India's first nuclear test of 1974 was perhaps as significant to the nuclear non-proliferation regime as the handful of salt Mahatma Gandhi picked up was to British imperialism in India. Both these acts were in defiance of unjust regimes sought to be perpetrated on weaker nations. But the nuclear option still remained an option as India refrained from weaponisation and continued to pursue the objective of nuclear disarmament. The Action Plan presented by India to the UN in 1988 embodied our aspiration to see a nuclear weapon free, non-violent world within a specified time frame. We were still hopeful that a realistic review of the NPT would be possible to make it non-discriminatory and equally applicable to all.
The NPT Review Conference of 1995 dashed these hopes. Not only was the NPT not reviewed, it was made into a Treaty for all times, dividing even the succeeding generations into two unequal categories - one wielding the currency of power of the future and the other eternally deprived of modem technology to defend itself against nuclear attacks. Further, nuclear disarmament ceased to be even a distant dream; it became a virtual impossibility. India's preferred option of pursuing nuclear disarmament without acquiring nuclear weapons closed forever.
To this dismal situation was added the Comprehensive Test Ban Treaty in 1996 which was designed to prevent states that required to test weapons underground from acquiring the necessary data to develop a weapon capability. In other words, if India did not test now, it could never test underground. To test in the laboratory, India needed data that could be acquired only by underground tests. The option to keep the nuclear option open disappeared. India tested so that the future generations of Indians were not left vulnerable to nuclear challenge and blackmail.
The exercise of the nuclear option did not mean that we abandoned the ultimate objective of nuclear disarmament. The only difference is that India has to eliminate its own weapons when the other nuclear weapon states reduce their arsenals to our level. India has renewed its offer to negotiate a treaty for the elimination of nuclear weapons. India waited till the very moment when its options narrowed down to one and exercised it, but we have not renounced the objective we had set ourselves when we became independent - a world without nuclear weapons, a world without violence.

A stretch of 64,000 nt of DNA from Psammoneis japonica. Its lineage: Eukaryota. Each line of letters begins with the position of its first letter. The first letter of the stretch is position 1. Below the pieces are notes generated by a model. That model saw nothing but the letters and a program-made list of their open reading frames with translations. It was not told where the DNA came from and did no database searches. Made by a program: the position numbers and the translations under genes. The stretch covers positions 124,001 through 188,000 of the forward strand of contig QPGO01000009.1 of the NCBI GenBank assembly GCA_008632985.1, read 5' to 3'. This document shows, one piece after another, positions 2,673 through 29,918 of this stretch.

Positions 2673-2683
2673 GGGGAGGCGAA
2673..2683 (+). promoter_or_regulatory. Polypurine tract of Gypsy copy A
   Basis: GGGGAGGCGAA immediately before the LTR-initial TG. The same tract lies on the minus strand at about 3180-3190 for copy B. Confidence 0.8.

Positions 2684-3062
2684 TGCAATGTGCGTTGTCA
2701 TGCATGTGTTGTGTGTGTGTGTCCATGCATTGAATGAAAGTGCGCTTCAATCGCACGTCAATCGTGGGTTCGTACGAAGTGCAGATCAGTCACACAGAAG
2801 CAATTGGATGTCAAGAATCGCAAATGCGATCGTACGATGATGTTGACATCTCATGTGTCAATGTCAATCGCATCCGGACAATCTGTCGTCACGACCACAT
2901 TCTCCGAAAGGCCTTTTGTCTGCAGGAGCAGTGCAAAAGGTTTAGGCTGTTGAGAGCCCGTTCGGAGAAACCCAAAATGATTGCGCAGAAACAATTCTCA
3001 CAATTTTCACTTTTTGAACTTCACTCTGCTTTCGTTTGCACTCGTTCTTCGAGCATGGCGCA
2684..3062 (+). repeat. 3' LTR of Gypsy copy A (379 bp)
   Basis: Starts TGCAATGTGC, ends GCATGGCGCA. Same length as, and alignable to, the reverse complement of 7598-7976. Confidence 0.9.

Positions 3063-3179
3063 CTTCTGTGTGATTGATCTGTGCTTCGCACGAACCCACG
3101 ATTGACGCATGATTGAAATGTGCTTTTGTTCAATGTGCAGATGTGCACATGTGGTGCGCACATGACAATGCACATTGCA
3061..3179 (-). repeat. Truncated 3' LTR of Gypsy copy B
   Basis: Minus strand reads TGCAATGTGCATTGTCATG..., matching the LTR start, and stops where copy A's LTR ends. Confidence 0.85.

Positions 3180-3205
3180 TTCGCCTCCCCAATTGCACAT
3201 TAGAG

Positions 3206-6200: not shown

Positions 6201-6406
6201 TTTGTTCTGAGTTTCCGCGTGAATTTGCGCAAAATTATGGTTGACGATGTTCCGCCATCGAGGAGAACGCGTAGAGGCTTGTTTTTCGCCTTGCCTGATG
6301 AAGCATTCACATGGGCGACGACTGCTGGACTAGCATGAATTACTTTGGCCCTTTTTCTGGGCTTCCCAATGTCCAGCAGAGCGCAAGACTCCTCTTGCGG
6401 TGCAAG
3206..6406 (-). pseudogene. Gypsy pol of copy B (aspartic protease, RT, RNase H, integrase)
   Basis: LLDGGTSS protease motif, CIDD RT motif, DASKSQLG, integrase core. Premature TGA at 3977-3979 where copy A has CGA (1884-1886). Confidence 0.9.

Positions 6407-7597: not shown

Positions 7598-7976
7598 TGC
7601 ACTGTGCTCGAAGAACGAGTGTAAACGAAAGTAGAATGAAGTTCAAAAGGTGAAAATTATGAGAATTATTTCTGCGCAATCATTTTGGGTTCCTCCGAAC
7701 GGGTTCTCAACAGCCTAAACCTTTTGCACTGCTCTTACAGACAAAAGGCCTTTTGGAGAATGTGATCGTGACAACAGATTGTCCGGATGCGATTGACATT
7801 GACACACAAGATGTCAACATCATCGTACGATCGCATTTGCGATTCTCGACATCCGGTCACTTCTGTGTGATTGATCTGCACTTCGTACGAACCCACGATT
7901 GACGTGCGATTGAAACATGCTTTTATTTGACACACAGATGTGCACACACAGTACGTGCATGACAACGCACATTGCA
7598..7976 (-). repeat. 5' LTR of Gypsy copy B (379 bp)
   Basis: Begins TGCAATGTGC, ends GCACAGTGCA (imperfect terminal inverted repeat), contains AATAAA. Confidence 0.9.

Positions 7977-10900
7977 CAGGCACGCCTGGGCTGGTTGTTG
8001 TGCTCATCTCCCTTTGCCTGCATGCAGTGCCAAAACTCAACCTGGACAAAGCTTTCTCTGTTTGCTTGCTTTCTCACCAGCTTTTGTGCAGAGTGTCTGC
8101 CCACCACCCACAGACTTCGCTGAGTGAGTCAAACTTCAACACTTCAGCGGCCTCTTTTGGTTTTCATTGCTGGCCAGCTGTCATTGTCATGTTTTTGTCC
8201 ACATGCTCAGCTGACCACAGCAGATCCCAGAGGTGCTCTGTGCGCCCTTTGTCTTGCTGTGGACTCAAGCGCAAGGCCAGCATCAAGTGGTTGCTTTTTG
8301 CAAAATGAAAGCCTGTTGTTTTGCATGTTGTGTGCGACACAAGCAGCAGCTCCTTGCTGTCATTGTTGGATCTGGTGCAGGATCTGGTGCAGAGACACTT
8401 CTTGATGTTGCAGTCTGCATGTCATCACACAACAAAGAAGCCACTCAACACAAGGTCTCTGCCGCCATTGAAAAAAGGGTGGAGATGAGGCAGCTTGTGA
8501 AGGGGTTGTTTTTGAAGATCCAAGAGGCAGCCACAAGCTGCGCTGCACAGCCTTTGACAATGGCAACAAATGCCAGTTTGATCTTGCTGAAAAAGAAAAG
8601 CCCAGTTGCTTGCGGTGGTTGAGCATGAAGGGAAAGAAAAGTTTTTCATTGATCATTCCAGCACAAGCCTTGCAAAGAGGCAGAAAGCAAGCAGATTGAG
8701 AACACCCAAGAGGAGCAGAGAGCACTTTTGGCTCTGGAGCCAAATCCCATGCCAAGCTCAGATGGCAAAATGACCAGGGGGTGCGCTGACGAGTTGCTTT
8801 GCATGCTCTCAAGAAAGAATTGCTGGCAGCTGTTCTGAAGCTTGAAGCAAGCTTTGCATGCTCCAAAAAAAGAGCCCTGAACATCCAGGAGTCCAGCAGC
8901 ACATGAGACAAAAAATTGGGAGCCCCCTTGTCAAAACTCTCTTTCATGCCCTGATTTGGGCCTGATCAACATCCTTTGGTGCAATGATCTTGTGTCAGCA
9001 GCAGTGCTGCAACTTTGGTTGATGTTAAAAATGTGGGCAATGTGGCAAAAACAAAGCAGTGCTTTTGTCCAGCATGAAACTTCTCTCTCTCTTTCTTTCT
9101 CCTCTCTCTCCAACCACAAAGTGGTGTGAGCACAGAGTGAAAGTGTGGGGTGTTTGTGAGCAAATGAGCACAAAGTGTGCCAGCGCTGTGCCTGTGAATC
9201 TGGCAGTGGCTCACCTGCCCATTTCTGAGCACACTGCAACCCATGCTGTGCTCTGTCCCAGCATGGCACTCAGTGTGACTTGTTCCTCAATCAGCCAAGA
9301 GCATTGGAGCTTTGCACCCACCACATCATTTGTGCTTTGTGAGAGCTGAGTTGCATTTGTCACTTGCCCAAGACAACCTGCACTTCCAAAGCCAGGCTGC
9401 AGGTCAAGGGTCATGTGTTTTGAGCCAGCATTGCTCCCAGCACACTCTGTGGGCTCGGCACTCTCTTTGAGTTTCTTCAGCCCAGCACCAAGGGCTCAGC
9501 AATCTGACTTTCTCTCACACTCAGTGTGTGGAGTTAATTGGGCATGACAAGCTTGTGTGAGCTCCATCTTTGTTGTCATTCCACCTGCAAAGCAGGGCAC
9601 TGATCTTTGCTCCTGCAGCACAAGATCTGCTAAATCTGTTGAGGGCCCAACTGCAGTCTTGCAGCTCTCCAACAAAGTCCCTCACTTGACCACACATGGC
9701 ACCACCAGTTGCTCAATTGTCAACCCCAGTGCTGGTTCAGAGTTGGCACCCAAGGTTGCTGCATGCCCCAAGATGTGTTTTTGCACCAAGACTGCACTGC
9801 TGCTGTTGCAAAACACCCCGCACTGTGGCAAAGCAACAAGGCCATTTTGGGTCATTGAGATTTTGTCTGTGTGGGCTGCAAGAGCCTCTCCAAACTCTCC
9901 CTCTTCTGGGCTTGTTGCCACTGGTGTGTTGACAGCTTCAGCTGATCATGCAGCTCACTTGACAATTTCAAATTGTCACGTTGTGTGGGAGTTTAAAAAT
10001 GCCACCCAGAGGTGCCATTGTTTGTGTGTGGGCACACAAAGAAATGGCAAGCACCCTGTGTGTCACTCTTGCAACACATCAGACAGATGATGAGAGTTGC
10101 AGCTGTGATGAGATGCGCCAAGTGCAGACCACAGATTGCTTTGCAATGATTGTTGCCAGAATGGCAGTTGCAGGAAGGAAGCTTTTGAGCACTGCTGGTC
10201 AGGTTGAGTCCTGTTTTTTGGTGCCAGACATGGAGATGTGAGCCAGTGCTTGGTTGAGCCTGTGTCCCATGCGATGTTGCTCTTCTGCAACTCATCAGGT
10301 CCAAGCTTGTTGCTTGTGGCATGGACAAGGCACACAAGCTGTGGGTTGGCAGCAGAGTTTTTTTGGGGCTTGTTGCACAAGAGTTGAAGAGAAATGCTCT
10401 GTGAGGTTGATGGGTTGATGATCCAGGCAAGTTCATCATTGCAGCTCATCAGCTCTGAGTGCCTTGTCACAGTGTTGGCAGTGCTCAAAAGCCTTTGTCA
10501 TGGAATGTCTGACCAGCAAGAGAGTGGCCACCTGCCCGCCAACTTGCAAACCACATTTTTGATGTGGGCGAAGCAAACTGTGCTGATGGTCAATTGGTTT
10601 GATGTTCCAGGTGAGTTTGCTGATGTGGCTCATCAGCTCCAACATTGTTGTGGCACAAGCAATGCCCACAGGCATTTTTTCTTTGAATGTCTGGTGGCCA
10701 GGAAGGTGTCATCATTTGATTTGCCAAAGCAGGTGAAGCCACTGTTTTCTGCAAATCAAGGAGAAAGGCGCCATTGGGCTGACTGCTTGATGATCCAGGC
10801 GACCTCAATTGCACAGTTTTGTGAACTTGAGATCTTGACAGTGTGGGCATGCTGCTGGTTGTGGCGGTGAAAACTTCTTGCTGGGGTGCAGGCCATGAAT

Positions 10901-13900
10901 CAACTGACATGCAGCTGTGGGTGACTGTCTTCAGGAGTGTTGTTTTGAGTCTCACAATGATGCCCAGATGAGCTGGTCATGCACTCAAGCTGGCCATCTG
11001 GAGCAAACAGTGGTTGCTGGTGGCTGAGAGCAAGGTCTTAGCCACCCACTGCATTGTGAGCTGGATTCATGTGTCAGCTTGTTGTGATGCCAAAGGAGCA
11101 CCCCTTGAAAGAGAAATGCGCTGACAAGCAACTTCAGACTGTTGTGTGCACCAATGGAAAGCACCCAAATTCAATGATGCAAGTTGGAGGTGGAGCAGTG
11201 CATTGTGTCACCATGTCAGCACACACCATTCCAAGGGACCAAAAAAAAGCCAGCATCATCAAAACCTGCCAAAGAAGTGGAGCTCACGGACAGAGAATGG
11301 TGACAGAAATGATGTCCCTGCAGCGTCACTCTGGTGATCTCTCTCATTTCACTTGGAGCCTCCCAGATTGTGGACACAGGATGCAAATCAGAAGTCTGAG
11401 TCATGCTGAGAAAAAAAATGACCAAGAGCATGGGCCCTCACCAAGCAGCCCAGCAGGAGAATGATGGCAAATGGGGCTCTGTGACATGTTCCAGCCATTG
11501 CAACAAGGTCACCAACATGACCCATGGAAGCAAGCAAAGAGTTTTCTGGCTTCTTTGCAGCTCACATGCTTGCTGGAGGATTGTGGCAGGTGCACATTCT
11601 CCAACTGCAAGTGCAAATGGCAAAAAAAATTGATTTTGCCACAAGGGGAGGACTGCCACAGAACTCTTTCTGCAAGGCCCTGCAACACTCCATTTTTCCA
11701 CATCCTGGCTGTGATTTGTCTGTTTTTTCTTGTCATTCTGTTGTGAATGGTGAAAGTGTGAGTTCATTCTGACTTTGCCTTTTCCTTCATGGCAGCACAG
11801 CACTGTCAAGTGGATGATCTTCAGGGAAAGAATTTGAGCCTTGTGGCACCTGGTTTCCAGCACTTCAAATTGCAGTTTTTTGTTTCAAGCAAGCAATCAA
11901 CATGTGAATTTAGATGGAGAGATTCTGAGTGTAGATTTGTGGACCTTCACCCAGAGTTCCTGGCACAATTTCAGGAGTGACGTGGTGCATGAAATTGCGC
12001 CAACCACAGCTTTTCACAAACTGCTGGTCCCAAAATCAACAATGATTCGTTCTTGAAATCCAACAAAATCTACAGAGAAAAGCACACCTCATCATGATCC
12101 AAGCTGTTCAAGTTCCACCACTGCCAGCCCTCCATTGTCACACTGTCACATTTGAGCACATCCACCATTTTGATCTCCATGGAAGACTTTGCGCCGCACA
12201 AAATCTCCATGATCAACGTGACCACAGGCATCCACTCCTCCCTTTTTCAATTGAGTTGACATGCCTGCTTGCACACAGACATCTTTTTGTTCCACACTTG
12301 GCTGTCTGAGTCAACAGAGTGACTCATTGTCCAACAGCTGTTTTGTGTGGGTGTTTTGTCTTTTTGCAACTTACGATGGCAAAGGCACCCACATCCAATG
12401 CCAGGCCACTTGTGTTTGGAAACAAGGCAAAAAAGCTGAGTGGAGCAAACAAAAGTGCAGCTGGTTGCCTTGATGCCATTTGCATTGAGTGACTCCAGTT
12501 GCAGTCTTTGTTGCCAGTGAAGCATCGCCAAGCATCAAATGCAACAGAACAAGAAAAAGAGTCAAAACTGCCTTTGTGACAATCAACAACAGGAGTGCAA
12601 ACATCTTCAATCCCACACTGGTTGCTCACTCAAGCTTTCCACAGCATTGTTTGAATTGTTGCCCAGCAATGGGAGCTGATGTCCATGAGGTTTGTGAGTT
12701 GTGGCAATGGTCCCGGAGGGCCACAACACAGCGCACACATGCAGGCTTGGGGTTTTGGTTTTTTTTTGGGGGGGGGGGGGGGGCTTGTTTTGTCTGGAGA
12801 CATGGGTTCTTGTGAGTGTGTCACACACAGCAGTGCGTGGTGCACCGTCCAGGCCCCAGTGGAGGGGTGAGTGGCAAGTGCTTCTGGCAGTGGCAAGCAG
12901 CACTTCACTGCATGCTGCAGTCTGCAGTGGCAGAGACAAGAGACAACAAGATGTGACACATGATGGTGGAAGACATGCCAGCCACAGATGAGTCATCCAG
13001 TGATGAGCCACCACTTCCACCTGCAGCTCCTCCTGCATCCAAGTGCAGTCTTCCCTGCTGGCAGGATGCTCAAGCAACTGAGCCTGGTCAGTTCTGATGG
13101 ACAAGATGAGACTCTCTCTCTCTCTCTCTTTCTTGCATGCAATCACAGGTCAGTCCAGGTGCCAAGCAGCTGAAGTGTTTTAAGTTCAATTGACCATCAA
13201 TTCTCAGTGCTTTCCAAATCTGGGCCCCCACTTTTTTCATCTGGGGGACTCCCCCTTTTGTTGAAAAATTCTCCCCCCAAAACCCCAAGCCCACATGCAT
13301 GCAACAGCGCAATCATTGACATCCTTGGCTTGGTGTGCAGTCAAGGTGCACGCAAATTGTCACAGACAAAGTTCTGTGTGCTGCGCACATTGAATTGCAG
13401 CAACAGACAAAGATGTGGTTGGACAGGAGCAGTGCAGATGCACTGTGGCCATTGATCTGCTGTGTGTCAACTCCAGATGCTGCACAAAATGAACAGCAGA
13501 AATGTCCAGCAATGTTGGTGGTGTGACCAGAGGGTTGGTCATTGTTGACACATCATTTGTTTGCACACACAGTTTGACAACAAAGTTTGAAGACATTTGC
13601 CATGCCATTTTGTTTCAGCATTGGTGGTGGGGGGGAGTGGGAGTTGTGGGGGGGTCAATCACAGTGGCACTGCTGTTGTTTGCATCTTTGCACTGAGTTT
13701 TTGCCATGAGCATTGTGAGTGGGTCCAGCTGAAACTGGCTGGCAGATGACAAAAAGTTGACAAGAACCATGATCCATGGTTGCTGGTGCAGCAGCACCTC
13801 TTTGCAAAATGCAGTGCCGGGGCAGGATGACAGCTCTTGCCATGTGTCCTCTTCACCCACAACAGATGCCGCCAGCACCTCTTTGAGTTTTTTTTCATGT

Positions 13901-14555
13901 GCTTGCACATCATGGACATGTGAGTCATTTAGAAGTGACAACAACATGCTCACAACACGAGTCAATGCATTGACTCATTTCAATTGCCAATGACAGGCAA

The exercise of the nuclear option by India has corrected a major imbalance in the world nuclear picture. India was the only major nation in the world which did not have either nuclear weapons or a nuclear guarantee from another major power. Equal security for all is the temporary alternative to disarmament.
A word about Indo-US relations. We have endeavoured to build Indo-US relations on the basis of shared values like democracy and fundamental freedoms and on the basis of complementarities in commercial and economic interaction. We have seen that these alone cannot guarantee a steady bilateral relationship. Indo-US relations have aptly been compared to a roller-coaster ride. What was lacking was a basic understanding of each other's security concerns. We imagined that the US would renounce its nuclear weapons one day and the US felt that India's legitimate security concerns did not warrant a nuclear deterrent. In the changed scenario of today there are better prospects of recognition of each other's concerns and requirements. Once this is accomplished, Indo-US relations will acquire a new balance which will pave the way for a mutually beneficial bilateral relationship.